To this day I am ashamed of my behavior back then and still wonder if Ms. McNeeley remembers that moment. That moment described the person I became. I became someone else’s comfort zone and the antithesis of what my parents expected of me. I became every negative stereotype linked with black teenagers. I became delinquent, disrespectful, arrogant, uneducable, and self-defeating. I wasn’t the worst Brooklyn had to offer but I was far from Brooklyn’s finest.

Carter G. Woodson, the father of Negro History Week, which eventually became Black History Month, wrote in his book, “The Miseducation of the Negro”:
"When you control a man’s thinking you do not have to worry about his actions. You do not have to tell him to stand here or go yonder. He will find his “proper place and will stay in it. You do not need to send him to the back door. He will go without being told. In fact, if there is no back door he will cut one for his special benefit. His education makes it necessary."

Despite my decent upbringing and relatively stable home environment I did all I could to become nothing. I did all I could to fit into the racist stereotypes of black men. I did all I could to fit into many of the criminal justice statistics that blacks, unfortunately, dominate. I did all I could—I literally risked my life cutting that back door for my special benefit.

That back door led to a bullet wound and jail at 18 and prison at 19. That door led to the loss of lives, wanton violence, and chaos on a SoHo street during an evening rush hour.

Now I believe that I had some help cutting that back door. The paths many of us followed weren’t new, they were patterns we followed. Whether it was family, so-called friends, television, music, or magazines, we followed someone or something along the way consciously or subconsciously.

Let’s talk psychology.

There are three terms that I will briefly speak about: Broken Windows Theory, Labeling Theory, and Learned Helplessness.

The Broken Windows Theory says that if a window in a single building is broken and left unrepaired, all the rest of the windows will soon be broken. When a neighborhood is left unattended, when on one seems to care or be concerned about disorder, then disorder grows and crime grows with it.

Remember when we used to empty the tobacco out of cigars on to the floors of our hallways and those of others so we could then fill them up with weed smoke? After a while no one bothered to clean up that tobacco, it just remained there and piled up and made our buildings, our neighborhoods like garbage dumps. Remember that? Broken Windows.

The Labeling Theory can best be described as a stereotype becoming a self-fulfilling prophecy. For example, “If people call me a juvenile delinquent enough or call me a failure and will act accordingly. More examples are those of us that were labeled as “at-risk,” “just like your father,” “you ain’t gonna be nothing but a drug dealer or drug addict,” and you can fill in the rest.” Labeling Theory.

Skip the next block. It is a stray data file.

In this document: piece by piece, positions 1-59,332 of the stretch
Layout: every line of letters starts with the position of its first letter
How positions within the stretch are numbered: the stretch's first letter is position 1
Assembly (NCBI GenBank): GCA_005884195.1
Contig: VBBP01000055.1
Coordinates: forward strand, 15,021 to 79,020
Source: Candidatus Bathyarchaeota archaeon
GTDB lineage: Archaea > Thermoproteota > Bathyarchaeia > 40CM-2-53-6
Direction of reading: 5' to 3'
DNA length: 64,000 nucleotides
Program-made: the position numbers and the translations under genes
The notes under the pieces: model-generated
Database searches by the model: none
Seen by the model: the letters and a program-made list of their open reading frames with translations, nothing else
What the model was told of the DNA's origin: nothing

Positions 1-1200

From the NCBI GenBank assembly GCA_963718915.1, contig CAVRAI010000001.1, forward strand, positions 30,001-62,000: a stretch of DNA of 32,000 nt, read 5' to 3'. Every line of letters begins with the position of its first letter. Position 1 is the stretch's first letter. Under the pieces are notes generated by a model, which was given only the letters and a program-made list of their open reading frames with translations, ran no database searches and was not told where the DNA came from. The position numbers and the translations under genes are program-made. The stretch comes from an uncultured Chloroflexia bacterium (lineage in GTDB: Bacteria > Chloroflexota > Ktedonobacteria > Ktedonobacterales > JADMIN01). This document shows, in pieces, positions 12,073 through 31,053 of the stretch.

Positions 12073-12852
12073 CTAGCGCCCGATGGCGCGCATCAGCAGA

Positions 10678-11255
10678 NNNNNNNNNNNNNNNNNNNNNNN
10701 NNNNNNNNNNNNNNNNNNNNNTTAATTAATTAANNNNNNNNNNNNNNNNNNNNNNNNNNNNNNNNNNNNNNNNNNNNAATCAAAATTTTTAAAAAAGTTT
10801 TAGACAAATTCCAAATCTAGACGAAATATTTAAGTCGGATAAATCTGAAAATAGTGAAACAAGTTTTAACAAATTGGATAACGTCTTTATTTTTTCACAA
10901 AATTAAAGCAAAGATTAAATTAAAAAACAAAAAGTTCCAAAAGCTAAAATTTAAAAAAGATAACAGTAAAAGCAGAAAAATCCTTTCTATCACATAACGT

Learned Helplessness is best described as an acceptance of an unpleasant condition. For example, all your life you’re told that you’re worthless. After enough accusations of being called worthless you give up denying that you’re worthless, subsequently “learning that you’re helpless” to the accusations and finally accept and personify the accusation. Learned Helplessness.

Brothers, I am sure we can see how those theories fit into our lives growing up.
I know it did for me. My Crown Heights neighborhood was full of Broken Windows and Labeling Theories and was overwhelmed with Learned Helplessness. I’m an 80’s baby, so when I was grew up crack was kind and my building was a straight up crack building. Similar to the building in “New Jack City.” Not the one where they were selling their drugs, but the one where Pookie and his girlfriend was smoking crack. If you know anything about… how many people here are from Brooklyn? Okay, Brooklyn, stand up! You can get a crowd jumping anywhere by just saying that, huh.

Well, my building was on Nostrand Avenue and Pacific Street, drug central. My building was where people came in to smoke their drugs, urinate and defecate on the floors—vomit too. My building was where people were killed. I remember when I was about eight or nine my friend, a girl, was about eleven, twelve or thirteen and a guy took her up to our roof in an attempt to rob and rape her. After a struggle with her he threw her off of our roof right past our window. My building was a mess.
My school wasn’t much better. Assorted colors of crack vials would line up in the creases of the concrete in our school playgrounds. Actually, I learned how to tell the different colors by taking some of those vials up to my apartment and examine their empty contents (they were always empty because you would never find a crack vial with any crack left in it) just out of curiosity. I learned my colors through crack vials not through Crayola or Kindergarten.